MINNEAPOLIS (Reuters) – Jay Webb reversed his pickup truck and offloaded mounds of soil into wood-framed flowerbeds in the middle of a Minneapolis intersection that has been transfigured from thoroughfare into sacred ground.
A steel sculpture of a raised Black fist the size of a refrigerator towered over Webb. The fist sits in the path of what had been the Minneapolis area’s busiest bus route until George Floyd, handcuffed and prone on the street, was killed by Derek Chauvin, then a policeman, in a violent arrest at 38th Street and Chicago Avenue.
What is now known as George Floyd Square has been barricaded by residents against most vehicular traffic since the murder on May 25, 2020. Signs dotting the intersection declare: “No Justice, No Streets.”
It was the venue for a bittersweet street party on Tuesday when a jury found Chauvin, who is white, guilty of murdering Floyd, a 46-year-old Black man, by kneeling on his neck for more than nine minutes.
With the verdict, a rare rebuke of the disproportionate toll of police brutality on Black Americans, comes renewed attention to a sometimes acrimonious dispute over how, if ever, to reopen George Floyd Square.
“We can memorialize George Floyd, we can create flower gardens, sculpture gardens, all kinds of things,” said City Council Vice President Andrea Jenkins, whose district includes the intersection. An artist and Black transgender activist long before her 2017 election, Jenkins said her desire to build a center dedicated to social justice predates Floyd’s death.
“It doesn’t have to be in the middle of the street obstructing traffic,” she said.
Jenkins cited a survey sent last year to about 4,000 people in the neighborhood that included two city proposals for reopening 38th Street and Chicago Avenue to vehicles. Of the 685 who responded, 41% voted to leave the fist in the intersection; 40% voted to move it to the side.
The square’s volunteer caretakers scoff, saying the survey results were meaningless because both options included removing the barricades, and point to the 16% who rejected both options, stating a “desire for justice” before any changes to the square’s design happen.
One of the caretakers is Jeanelle Austin, who grew up a few blocks away and now tends to the flowers, signs, candles, stuffed toys and balloons placed at the intersection. She is working with members of the Floyd family to preserve, curate and exhibit the thousands of artifacts left over 11 months.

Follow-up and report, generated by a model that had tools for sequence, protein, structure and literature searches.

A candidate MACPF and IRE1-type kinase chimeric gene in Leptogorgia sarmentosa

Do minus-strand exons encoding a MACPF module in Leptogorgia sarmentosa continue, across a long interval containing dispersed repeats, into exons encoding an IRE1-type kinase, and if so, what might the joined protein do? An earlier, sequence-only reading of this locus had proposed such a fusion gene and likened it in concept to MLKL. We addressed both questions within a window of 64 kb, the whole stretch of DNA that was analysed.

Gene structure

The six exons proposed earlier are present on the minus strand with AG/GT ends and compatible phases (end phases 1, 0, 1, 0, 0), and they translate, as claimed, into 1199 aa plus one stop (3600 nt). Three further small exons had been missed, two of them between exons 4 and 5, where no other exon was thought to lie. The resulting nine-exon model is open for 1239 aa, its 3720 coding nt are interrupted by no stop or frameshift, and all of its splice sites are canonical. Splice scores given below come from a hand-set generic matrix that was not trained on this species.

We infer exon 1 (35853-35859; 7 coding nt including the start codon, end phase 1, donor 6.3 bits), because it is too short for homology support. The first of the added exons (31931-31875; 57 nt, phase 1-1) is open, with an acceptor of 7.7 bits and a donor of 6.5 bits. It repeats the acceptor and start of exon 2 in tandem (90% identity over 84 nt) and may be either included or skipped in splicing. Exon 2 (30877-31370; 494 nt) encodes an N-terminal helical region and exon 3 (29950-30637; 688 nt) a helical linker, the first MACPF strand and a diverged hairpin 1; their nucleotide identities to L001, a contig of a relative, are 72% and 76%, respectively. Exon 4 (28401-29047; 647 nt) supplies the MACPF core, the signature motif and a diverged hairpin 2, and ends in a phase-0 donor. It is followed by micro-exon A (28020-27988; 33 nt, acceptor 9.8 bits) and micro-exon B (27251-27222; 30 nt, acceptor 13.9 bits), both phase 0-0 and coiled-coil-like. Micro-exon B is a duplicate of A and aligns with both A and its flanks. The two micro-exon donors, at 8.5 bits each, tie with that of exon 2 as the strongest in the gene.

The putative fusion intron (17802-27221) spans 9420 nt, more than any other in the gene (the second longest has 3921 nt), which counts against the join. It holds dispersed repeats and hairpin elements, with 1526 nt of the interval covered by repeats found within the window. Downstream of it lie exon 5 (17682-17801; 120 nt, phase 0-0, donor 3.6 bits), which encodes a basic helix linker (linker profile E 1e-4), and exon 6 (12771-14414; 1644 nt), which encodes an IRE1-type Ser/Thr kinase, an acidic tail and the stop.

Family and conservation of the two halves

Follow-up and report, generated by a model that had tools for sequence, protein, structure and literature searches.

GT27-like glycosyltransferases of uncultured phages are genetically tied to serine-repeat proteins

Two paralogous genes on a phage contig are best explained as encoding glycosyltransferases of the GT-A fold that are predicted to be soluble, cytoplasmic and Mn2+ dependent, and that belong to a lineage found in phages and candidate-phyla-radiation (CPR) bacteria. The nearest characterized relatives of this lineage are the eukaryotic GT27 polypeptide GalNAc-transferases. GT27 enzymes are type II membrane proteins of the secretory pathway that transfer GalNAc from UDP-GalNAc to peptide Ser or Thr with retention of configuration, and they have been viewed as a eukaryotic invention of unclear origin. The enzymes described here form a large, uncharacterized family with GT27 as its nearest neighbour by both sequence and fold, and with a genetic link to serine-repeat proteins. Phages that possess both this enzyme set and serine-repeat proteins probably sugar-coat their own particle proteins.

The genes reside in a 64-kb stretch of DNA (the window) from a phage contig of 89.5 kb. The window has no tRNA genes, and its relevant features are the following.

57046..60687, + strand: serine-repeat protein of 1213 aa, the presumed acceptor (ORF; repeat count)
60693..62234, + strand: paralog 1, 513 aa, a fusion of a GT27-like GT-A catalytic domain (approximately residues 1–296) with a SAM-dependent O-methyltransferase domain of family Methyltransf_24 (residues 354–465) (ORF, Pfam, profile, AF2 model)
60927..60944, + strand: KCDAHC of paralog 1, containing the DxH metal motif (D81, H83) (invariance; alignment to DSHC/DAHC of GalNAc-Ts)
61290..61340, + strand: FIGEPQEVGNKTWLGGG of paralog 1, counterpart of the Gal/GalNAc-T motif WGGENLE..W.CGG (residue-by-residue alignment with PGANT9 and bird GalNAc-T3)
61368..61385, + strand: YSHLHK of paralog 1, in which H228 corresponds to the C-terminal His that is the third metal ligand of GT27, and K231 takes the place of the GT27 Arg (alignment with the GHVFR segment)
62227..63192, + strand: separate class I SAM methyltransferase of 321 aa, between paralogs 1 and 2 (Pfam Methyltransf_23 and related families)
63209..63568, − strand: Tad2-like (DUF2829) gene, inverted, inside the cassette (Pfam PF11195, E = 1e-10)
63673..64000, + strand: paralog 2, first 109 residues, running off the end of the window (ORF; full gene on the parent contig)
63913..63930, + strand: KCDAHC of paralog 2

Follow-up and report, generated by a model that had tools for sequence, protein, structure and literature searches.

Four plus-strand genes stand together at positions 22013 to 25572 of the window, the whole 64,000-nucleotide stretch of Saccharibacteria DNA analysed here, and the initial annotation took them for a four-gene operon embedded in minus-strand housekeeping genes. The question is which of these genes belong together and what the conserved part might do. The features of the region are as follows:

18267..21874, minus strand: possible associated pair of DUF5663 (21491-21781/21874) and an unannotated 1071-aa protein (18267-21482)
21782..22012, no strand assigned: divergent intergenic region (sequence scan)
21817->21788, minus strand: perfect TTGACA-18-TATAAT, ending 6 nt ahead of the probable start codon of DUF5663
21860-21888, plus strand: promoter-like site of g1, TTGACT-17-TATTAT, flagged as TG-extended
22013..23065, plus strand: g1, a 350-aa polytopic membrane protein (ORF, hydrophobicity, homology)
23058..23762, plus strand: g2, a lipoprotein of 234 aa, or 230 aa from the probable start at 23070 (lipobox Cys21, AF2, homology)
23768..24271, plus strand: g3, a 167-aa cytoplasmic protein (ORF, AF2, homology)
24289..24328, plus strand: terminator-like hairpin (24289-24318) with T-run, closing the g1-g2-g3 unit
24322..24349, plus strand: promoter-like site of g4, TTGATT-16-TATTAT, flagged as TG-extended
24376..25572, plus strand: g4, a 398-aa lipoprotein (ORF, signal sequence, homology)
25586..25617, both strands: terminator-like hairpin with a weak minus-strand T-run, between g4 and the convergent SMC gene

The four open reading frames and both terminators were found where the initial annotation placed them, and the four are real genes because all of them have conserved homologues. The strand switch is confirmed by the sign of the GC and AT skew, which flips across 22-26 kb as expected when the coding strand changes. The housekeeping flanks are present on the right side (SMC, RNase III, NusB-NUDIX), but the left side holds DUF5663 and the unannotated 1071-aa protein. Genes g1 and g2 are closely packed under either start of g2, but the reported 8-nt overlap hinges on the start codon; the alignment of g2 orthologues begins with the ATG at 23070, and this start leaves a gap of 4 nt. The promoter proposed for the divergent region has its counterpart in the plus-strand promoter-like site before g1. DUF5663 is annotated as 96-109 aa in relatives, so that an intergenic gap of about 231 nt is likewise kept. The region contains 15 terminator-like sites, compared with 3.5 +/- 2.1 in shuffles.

“I knew that if we kept it looking nice, there wouldn’t be a reason for the city to come in and bulldoze it and say: ‘No one’s taking care of it and so we’re just going to get rid of it and open up the streets again,'” Austin said.
Webb, known around George Floyd Square as Jay the gardener, spread out the soil, ready for the “butterfly- and bee-friendly flowers” he had planned. He insisted that if his truck could navigate around the fist, so could a bus if the barricades are lifted.
THE PEOPLE’S WAY
The intersection is dominated by the glowing red sign of the Cup Foods convenience store, where a clerk unwittingly set in motion the deadly arrest last May by telling his manager he believed Floyd had given him a counterfeit $20 bill to buy cigarettes. Billy Abumayyaleh, one of the four brothers who own Cup Foods, said the attention his store gets should be directed elsewhere.
“They need to put the memorial right in front of the City Hall so they can all see what they did to George Floyd,” he said.
The spot where Floyd was killed is roped off and marked by an angel painted onto the black tarmac.
Police are not welcome inside the barricades. Instead, the community tries to police itself, which can lead to tensions. One afternoon, Selwyn Jones was taking a cellphone picture of a monochrome mural of Floyd’s face that gazes out at the square. A man in a van shouted at Jones to stop.
“I’m George Floyd’s uncle!” Jones yelled back. The man said he did not care whose uncle he was: no pictures.
After Tuesday’s verdict, Mayor Jacob Frey repeated his promise to soon reopen the square in a way that paid tribute to Floyd while allowing construction to begin on a long-planned $25 million upgrade to the bus route along Chicago Avenue.
Frey also noted complaints about violence in the neighborhood, including the shooting death of Imez Wright, a volunteer who helped patrol the area, on March 7, the day before jury selection began in Chauvin’s murder trial.
“Bad things occur when police are not around,” said Jones, Floyd’s uncle, who is campaigning for passage of a federal bill that would make it easier to prosecute violent police officers but questions calls in his nephew’s name to defund police departments.
In August, caretakers of the square circulated a list of 24 demands to be met before they would help officials reopen it, including investment in neighborhood businesses and reopening investigations into other men killed by city police officers.
Demand No. 9 called for the prosecution of all four officers involved in Floyd’s arrest. The three others, fired with Chauvin the day after the arrest, go on trial in August on charges of aiding and abetting.
Minutes after the guilty verdict in Chauvin’s case came down, Marcia Howard, a schoolteacher volunteering at the intersection, sounded ragged with emotion as she addressed crowds in the square.
“One down, three to go!” she cried out. “And we mean it!”
(Reporting by Jonathan Allen in Minneapolis; Editing by Donna Bryson and Jonathan Oatis)